the black and coarse hands of Makak (222) but also to introduce the
concept of dispossession of inheritance. The reference to Makak as the
Lion of Judah, (217) is significant to the understanding of the play as it
alludes to the Ethiopian ruler Ras Tafari, more commonly known as
Haile selassie. Haile Selassie, is viewed by black nationalists as an agent
for the restitution of an African heritage. At the end of the playMakak
also celebrates to the tune of the chants of the chorus a return to his
country of origin( I going home):
Soon after many moons, after many songs, we will see
Africa, the golden sand, the river where lions come
down to drink, lapping at the water with their red
tongues, then the villages, the birds, the sound of flutes.
(291)
So far the mask has been interpreted as the symbol of the
complex relationship of the colonised and the coloniser. The next
concern of the study is to see the mask as the mediating point between
the postmodern critique and the postcolonial discourse. The nature of
Makaks hallucination and Lestrades attempts at white face can be
understood with reference to the postmodern concepts of ambivalence,
desire and derision in the study of postcolonial discourses. Both of them
are framed in two simultaneously operative vectors; the vector of
continuity and similarity, and the vector of difference and rupture. The
colonial subject resents the alien imposition but has to conform to its
ideals for survival and social mobility. However, as Homi Bhabha
suggests that because the colonial relationship is always ambivalent; it
generates the seeds of its own destruction (18). Bhabhas argument is
that colonial discourse is compelled to be ambivalent because it never
really wants colonial subjects to be the exact replicas of the colonizer, as
it would be too threatening. This perspective informs the image of the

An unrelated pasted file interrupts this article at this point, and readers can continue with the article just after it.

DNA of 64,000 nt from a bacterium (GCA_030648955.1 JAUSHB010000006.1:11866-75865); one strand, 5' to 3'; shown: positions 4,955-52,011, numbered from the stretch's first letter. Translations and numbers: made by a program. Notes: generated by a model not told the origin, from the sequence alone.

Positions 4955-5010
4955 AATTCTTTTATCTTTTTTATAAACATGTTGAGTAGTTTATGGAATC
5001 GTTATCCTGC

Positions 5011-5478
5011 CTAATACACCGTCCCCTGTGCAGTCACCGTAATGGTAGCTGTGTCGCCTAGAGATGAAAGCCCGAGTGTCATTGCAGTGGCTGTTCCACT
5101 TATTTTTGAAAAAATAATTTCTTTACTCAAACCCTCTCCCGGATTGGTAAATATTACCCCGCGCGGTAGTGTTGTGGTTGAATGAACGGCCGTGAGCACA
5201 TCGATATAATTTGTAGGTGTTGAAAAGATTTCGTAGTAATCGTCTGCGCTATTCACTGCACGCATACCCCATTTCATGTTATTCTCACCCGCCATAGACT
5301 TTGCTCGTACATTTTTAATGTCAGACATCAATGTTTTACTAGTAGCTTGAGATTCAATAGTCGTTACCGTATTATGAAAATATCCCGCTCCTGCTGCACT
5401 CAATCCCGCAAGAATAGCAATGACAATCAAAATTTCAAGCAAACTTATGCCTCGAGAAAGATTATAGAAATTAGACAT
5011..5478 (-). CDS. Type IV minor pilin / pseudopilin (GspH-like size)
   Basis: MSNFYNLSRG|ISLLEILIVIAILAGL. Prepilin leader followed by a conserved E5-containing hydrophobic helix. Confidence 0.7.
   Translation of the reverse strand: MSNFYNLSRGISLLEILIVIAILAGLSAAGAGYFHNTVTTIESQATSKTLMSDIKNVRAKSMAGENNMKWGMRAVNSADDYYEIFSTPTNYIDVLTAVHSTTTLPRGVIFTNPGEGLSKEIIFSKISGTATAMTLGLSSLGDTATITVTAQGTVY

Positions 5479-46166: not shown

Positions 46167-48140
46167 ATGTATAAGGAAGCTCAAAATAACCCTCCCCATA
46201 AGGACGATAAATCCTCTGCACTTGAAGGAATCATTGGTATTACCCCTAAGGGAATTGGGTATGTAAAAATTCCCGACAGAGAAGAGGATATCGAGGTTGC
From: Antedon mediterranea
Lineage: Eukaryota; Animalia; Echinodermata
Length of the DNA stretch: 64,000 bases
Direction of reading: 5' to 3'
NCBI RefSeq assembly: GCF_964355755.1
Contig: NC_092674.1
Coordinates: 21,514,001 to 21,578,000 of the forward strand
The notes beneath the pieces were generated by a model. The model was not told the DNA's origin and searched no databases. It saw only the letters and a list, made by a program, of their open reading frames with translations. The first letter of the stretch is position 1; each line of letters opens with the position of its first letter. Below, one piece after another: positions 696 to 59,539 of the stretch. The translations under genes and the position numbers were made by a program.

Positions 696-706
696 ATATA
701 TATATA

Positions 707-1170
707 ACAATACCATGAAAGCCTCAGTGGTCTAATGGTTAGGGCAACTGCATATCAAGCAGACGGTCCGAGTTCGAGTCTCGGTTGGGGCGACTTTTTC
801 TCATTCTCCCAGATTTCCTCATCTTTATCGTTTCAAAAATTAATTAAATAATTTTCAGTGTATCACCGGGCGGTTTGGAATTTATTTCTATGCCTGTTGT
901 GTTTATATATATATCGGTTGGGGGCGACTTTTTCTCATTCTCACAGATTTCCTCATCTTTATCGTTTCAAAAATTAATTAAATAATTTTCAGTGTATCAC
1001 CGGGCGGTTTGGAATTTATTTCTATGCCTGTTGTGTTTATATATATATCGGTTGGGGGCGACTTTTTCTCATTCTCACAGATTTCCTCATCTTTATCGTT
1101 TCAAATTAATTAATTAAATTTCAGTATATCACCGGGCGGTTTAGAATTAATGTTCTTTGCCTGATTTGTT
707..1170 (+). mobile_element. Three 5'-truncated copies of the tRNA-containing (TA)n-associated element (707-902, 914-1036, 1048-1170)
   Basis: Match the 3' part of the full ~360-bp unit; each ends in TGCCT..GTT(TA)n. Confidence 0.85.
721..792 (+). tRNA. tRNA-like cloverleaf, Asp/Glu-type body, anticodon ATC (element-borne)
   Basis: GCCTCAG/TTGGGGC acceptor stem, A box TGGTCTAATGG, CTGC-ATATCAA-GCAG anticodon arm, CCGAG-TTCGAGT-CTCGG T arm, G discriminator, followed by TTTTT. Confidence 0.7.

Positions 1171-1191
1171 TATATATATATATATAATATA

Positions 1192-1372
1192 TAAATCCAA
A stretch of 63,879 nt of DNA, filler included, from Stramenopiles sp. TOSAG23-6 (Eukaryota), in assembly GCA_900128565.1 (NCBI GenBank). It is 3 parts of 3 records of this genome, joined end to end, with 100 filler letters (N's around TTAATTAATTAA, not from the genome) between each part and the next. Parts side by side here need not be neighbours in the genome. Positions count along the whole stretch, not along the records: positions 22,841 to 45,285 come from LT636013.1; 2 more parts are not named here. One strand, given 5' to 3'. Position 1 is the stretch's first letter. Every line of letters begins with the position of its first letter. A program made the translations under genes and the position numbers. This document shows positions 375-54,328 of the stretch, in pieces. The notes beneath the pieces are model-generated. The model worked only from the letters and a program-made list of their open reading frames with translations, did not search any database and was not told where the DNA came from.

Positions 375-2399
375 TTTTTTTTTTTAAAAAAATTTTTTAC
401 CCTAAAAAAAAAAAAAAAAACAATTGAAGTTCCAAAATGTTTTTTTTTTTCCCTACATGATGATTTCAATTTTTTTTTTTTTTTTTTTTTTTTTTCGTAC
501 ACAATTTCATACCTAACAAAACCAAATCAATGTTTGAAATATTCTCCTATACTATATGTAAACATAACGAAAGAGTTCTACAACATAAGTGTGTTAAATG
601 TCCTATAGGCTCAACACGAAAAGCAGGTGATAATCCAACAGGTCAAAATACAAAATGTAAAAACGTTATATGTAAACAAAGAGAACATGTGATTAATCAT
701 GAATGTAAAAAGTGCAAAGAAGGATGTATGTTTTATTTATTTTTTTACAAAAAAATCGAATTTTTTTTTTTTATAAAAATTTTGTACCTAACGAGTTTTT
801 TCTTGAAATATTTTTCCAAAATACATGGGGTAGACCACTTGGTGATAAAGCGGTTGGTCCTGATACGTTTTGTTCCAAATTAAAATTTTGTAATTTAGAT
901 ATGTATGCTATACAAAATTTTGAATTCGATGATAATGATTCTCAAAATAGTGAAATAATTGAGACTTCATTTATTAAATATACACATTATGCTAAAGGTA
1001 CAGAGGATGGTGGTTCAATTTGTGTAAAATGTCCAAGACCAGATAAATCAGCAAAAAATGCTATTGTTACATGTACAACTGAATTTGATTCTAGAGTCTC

mask in the play. The native can only attempt at a white face. Even at his
best he will remain at the periphery: A foot licking servant of the marble
law. Lestrade the corporal is an example. He is positioned in authority
and projects the biased representation of the Orient. He regards the
natives as the inferior Other and addresses them in racist terms-- - niggers, stop turning this place to a stinking zoo! (216). One can
deconstruct the rhetoric of imperial discourse that Lestrade mouths to
read the ambivalence and contradictions and relate them to the
interstitial space in which he moves. On the one hand he projects into

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the natives the evaluative racial characteristics Westerns do not accept as


typical of themselves, on the other, veiled behind the mask of official
authority he can both indict and exonerate Makak: I can both accuse and
defend this man (220). A little early he is equally eager to share a bottle
of liquor with the felons whom he despises and denigrates: Now if you
apes will behave like gentleman, who knows what could happen? The
bottle could go round . . . (217).
He is partly revulsed and partly compelled to help Makak. The